Because uncontested divorces can be resolved without the help of attorneys, there are benefits to going this route should you and your spouse decide to separate. Forbes reports that an uncontested divorce is a good option to choose if you want to save time and money, thus making the divorce process quicker and cheaper. Uncontested divorces tend to be resolved faster than other types of divorces, they are generally processed through the legal system faster, and both parties can effectively split assets in an agreeable manner and move forward with their lives.

Simplified divorce is the fastest option

An even faster method to legally finalizing a separation than an uncontested divorce is the option of simplified divorce (via Brides). Particularly for couples who don't have children or dependents, a simplified divorce is a form of uncontested divorce that's processed quickly through the court system within about a month from the initial filing. Simplified divorces can move rapidly from start to finish, especially for couples with few shared assets to divide and marriages that have been short in duration.

Since simplified divorces are often pursued by couples who haven't been married for long periods of time, the option may be confused with an annulment, but the two avenues to terminating a marriage are different in their respective outcomes (per ​​Law Office of Gale H. Moore P.A.) When an annulment occurs, the marriage is entirely voided, and the result is as if the marriage never even happened. In contrast, a simplified divorce is a legal dissolution of a marriage. Some states don't offer the option for obtaining a simplified divorce and require a regular uncontested divorce be sought, while other states have various requirements that determine which couples can obtain a simplified divorce and which marriages don't qualify. For instance, Florida allows a simplified divorce to be sought if the divorcing parties don't share children under the age of 18 years old and agree that alimony can't be awarded in a simplified divorce under state law.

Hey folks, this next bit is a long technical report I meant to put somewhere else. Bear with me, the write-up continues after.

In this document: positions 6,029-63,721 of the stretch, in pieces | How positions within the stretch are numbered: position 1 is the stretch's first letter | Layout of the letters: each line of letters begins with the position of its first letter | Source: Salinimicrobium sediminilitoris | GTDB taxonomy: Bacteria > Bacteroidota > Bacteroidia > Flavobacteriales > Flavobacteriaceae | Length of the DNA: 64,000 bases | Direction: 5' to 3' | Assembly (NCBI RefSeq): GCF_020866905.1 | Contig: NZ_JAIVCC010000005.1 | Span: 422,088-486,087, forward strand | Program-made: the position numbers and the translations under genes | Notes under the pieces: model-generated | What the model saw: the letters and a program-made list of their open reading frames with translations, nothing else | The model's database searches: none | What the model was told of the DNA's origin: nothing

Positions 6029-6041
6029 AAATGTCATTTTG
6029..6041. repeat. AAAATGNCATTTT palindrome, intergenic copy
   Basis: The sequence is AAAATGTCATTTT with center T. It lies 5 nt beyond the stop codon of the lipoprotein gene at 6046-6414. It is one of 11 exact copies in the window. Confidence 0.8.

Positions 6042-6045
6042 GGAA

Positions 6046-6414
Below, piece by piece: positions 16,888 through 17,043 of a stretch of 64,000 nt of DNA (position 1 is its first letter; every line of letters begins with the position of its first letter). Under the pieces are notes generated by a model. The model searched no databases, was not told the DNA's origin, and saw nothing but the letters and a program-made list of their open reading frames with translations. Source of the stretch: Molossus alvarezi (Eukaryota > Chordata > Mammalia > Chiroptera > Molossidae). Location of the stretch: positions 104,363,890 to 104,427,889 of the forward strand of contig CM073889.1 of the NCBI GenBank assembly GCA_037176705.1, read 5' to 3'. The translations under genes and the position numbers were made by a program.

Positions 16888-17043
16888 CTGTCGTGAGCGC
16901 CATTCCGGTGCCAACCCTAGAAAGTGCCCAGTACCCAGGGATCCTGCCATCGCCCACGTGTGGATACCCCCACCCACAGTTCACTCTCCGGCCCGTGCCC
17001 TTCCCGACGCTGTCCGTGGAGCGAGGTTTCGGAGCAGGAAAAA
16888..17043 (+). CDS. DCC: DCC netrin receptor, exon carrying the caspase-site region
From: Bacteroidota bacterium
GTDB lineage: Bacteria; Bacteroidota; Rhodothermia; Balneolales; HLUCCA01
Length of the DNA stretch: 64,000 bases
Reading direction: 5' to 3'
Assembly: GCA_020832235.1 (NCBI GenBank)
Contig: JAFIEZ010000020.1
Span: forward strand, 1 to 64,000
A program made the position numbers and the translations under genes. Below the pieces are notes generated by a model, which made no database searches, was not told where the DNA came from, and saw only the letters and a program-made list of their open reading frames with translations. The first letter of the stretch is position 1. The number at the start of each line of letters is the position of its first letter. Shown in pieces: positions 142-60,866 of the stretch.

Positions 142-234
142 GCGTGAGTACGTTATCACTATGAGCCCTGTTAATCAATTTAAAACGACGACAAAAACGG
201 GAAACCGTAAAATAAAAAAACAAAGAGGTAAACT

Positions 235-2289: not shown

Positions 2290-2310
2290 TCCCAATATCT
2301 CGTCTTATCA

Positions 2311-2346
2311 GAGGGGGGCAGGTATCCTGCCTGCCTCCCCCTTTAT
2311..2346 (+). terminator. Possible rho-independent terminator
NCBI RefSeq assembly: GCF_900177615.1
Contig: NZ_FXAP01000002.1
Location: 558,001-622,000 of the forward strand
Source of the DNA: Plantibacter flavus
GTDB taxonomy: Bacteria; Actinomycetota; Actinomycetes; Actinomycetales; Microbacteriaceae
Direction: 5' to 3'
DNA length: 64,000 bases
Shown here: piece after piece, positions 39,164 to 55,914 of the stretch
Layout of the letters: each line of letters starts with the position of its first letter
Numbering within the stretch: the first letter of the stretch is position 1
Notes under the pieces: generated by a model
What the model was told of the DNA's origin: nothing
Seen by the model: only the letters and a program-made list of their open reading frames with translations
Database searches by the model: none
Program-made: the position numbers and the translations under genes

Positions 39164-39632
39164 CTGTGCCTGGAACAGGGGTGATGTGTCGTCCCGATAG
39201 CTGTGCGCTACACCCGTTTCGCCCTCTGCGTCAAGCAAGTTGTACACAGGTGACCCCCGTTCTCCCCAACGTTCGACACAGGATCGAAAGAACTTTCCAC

Limited divorces and legal separations

A limited divorce is not actually a complete divorce or dissolution of marriage, but rather a legal separation between a couple, per Maryland Courts. Not all states recognize a legal period of separation, so pursuing the route of a limited divorce can fulfill the need for taking time apart while permanent matters are decided. During a limited divorce, disputes over assets and other points of contention can be discussed in documented sessions. Some states, such as Maryland, require couples to file for limited divorces and to subsequently handle issues, like custody of minor children and division of assets before the couple can obtain a full and absolute divorce.

One key point to acknowledge in a limited divorce is that the name may be deceiving as filing for a limited divorce doesn't actually lead to the legal end of a marriage (via Brides). During the period of a limited divorce or a legal separation, the court system or a representative of the courts will oversee the couple's separation and the respective matters at hand that need to be resolved. In some states, a limited divorce or legal separation can serve as a trial separation period, while other states don't recognize legal separations. If there are unresolved matters in your marriage, particularly regarding finances or children, then a limited divorce may be a good route leading up to a full divorce down the line.